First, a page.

ind drying up, and It is earnestly hoped that
be above predictions will come true. Pine
rains fell last Sunday afternoon near Bradley
ind Troy, and in and around Due West.
HAVE YOU HEARD IT?
Tbe Speed Drug Company have recently
purchased a large and mannlflclent Phonograph
which is an interesting and pleasing
'Draw Card," for their store. If you haven't
aeard it call and hear the flue anthem, as
mng by the Methodist choir of Abbeville, you
vill be delighted.
AIII'nT llilib O WH^AX OAi^U,
Will Abbeville have a band? if not, "why
sot? Let them get In shape to play at tbe
Dounty Fair Instead of paying that money to
itrangers, let it be kept at borne. "Mottling
[ike blowing your own horn."
DEATH OF LUCIUS L. OWENS.
'No night shall be in heaven; no darkened
So bed of death, nor silence of the tomb,
But breeues ever fresh with love and truth
Shall brace tbe frame wltb au immortal
After a long and tedious illness Mr. Lucius
Owens died in this city at the home of his
br?thur-ln-law, Mr. H. B. Speed. last Monday
morning, July 15. 1901 ut 8 o'clock, in the 35tb
year of nls age. The deceased was tbe son of
Mrs. M. C. Owens, and an only brother of Mrs.
Speed ot this city, and came here from his
Home in Georgia about five months ago, that
ae might in bis declining health receive the
personal attention of a fond and devoted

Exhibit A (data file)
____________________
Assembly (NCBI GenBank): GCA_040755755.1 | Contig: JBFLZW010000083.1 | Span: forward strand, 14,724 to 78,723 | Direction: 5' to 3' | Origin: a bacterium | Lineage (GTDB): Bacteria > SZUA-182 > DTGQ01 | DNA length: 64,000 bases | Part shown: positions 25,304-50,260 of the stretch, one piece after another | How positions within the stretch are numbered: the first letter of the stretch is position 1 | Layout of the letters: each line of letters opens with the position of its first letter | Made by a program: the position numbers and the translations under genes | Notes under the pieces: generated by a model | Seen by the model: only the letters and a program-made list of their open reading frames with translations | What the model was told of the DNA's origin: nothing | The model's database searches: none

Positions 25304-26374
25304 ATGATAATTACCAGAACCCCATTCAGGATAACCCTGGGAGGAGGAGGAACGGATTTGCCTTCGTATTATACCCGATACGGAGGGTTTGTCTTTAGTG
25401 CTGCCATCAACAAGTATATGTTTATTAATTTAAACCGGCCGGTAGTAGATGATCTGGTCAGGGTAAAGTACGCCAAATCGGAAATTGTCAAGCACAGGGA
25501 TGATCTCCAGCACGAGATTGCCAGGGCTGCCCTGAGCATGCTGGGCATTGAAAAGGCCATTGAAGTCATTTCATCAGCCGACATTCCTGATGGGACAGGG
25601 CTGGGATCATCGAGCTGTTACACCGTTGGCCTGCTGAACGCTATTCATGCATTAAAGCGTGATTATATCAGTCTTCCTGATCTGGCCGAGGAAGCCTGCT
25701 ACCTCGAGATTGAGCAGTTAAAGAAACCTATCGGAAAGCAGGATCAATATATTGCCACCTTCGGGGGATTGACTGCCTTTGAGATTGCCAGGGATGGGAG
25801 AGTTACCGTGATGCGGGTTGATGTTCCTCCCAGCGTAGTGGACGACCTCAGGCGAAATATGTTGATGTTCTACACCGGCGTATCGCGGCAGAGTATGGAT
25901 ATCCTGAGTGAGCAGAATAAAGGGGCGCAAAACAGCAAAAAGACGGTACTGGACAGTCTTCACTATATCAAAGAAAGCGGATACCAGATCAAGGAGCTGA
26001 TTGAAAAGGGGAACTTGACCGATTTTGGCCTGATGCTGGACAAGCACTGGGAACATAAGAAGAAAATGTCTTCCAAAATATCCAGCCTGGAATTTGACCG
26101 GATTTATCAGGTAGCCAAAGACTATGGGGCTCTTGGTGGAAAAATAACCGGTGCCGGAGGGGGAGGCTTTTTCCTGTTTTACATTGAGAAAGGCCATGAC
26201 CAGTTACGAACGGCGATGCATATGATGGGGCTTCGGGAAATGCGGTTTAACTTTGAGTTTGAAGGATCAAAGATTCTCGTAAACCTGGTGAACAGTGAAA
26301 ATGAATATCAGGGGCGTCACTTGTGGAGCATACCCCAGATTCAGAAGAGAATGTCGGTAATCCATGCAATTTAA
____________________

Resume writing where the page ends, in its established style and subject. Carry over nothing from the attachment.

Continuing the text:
mother and sister, both of wbom have been
untiring In their watchful care and loving
ministration to his every want. If the prayers
and tender oare of a loving Christian!)
mother and sister could have stayed
the hand of the "Reaper" Lucius L. Owen's
lile would have been spared longer to them,
nit alas, such was not in accord with His .divine
will, and He who gave called him from
earth away to lhat bright home ol many
mansions where the weary are forever at rest.
Hie funeral services were conducted by Re*.
R. H. Jones in the Methodist Church at t>
3'clock Monday afternoon in tbe presence of
i large and sympathising congregation, after
which his remains wera Interred in Melrose
Hall A Anderson are offering a big discount
an clothing this week. I
My Btock of paper back novels must be reduced.
Come and gel my prices ou quantities.
DuPre's Drug and Hook Htore.
Millinery. Tbls department bas always
neeu the pride of our store. Tbls season's offering
will certainly equal It tney do not sur- i